Burning Man Is Officially Suing the U.S. Government

Burning Man (photo: GemGemRemy)
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Burning Man (photo: GemGemRemy)
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photo: GemGemRemy

Burning Man first filed legal paperwork against the U.S. Government in December of last year.  Now, its lawsuit has officially been set in motion.

Late last year, we broke the story that Burning Man was litigating against the U.S. Department of Interior over escalating land use permits.  Now, Secretary of the Interior David Bernhardt has been issued a summons to appear in Washington D.C.’s District Court. Because Secretary Bernhardt is representing the American government in the case, he will have 60 days (from the date that he received the summons) to respond.  The summons was shared with Digital Music News this morning.

Taking the federal government to court is no small endeavor, but Black Rock City, the parent entity overseeing Burning Man (and the name of the temporarily erected city wherein the annual event occurs), believes that their case — and financial incentive — is too significant to ignore.  Specifically, the allegation is that since 2015, the government has levied unfair permit fees against Burning Man (to the tune of $18 million) for its use of federal land.

Moreover, Black Rock City has indicated that these fees have increased exponentially throughout the last decade, from approximately $1.3 million in 2011 to nearly $3 million in 2019. Lastly, the concert organizer stated that the land-usage fees are typically disclosed shortly before Burning Man starts, leaving little time to review and/or refute them, and that arbitrarily issuing federal fees may be a violation of U.S. law.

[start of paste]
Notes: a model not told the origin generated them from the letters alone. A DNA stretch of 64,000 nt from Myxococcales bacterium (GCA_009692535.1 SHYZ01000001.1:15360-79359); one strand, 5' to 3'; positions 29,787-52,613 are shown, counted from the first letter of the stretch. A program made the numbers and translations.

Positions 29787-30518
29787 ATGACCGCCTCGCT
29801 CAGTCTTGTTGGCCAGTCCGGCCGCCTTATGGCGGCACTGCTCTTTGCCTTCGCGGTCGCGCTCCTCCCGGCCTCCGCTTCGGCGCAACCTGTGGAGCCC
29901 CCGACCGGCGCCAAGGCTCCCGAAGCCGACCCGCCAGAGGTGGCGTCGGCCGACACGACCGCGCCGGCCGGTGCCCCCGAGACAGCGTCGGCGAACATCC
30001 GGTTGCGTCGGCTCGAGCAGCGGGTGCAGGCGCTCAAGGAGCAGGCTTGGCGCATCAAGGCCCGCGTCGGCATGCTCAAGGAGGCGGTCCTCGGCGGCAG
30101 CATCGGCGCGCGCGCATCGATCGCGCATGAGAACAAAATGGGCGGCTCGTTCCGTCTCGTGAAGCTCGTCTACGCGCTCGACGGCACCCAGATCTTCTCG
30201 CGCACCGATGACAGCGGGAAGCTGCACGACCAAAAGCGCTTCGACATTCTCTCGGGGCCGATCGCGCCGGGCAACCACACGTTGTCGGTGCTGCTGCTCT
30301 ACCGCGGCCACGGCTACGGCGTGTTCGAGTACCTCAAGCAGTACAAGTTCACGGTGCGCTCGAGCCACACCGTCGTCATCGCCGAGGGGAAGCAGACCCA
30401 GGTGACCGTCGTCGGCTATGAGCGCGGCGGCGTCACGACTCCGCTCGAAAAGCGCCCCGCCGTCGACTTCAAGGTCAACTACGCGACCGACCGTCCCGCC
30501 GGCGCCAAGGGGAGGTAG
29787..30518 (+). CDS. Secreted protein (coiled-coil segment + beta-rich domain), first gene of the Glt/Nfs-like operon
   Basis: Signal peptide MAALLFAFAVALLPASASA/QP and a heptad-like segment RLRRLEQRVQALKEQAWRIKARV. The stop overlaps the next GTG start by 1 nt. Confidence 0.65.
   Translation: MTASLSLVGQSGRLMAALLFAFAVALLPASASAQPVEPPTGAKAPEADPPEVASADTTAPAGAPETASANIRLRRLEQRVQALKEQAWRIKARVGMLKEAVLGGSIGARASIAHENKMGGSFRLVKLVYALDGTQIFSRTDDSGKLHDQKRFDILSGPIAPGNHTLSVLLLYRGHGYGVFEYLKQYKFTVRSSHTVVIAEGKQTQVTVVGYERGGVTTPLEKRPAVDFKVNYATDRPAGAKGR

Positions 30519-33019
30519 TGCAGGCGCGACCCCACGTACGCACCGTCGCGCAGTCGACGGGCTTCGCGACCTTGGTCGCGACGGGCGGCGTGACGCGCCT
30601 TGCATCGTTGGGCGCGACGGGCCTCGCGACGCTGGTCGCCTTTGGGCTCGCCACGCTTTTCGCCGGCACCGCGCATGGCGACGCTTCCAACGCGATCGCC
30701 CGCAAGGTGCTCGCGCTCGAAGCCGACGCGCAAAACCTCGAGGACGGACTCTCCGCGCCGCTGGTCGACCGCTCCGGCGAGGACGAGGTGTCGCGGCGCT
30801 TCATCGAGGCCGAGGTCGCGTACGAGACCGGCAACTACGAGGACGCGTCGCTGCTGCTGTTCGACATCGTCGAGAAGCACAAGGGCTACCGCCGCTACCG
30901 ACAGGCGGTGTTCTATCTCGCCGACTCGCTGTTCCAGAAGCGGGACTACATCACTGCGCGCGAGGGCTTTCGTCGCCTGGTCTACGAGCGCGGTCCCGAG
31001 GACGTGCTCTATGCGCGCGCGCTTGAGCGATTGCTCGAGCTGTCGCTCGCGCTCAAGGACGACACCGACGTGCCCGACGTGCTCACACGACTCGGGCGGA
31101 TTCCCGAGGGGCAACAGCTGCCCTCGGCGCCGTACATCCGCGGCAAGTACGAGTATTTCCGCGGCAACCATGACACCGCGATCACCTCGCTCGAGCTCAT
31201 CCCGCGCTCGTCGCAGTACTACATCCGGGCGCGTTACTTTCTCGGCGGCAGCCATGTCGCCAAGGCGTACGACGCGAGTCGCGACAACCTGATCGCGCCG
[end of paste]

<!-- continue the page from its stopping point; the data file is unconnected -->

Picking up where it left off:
The first Burning Man was first organized in 1990, and nearly 80,000 people attended last year’s multi-day event, including an array of electronic music artists and DJs.

Additionally, the gathering has become an unofficial meeting place for tech-industry professionals, social media influencers, and many other well-known individuals.

Burning Man 2020 is scheduled to begin on August 30th and end on September 7th, once again in Nevada’s Black Rock Desert. Presale tickets (chiefly for groups) will be issued on February 26th, to those who have registered, and individual presale tickets will be sold in March, for $1,400 each. “Main ticket sales” will initiate at the start of April, at a rate of $475 per ticket and $140 per vehicle pass (not including fees).

The federal government owns nearly 50 percent of land in the western United States, as well as close to 90 percent of land in Nevada.

2 Responses

  1. Thechaiguy

    Burning man is not a concert. And famous DJs and tech professionals and celebrities being there doesn’t actually mean anything. Everyone there is just another person.

    • Kristie Layne

      Absolutely! Burning Man (for the millionth time!) is NOT a festival and there is no ‘concert organizer’. It would be nice if the people who write these articles actually knew what the fuck they’re talking about. Also Black Rock City is limited by the use permit from BLM, to 68,000 people. Not 80k.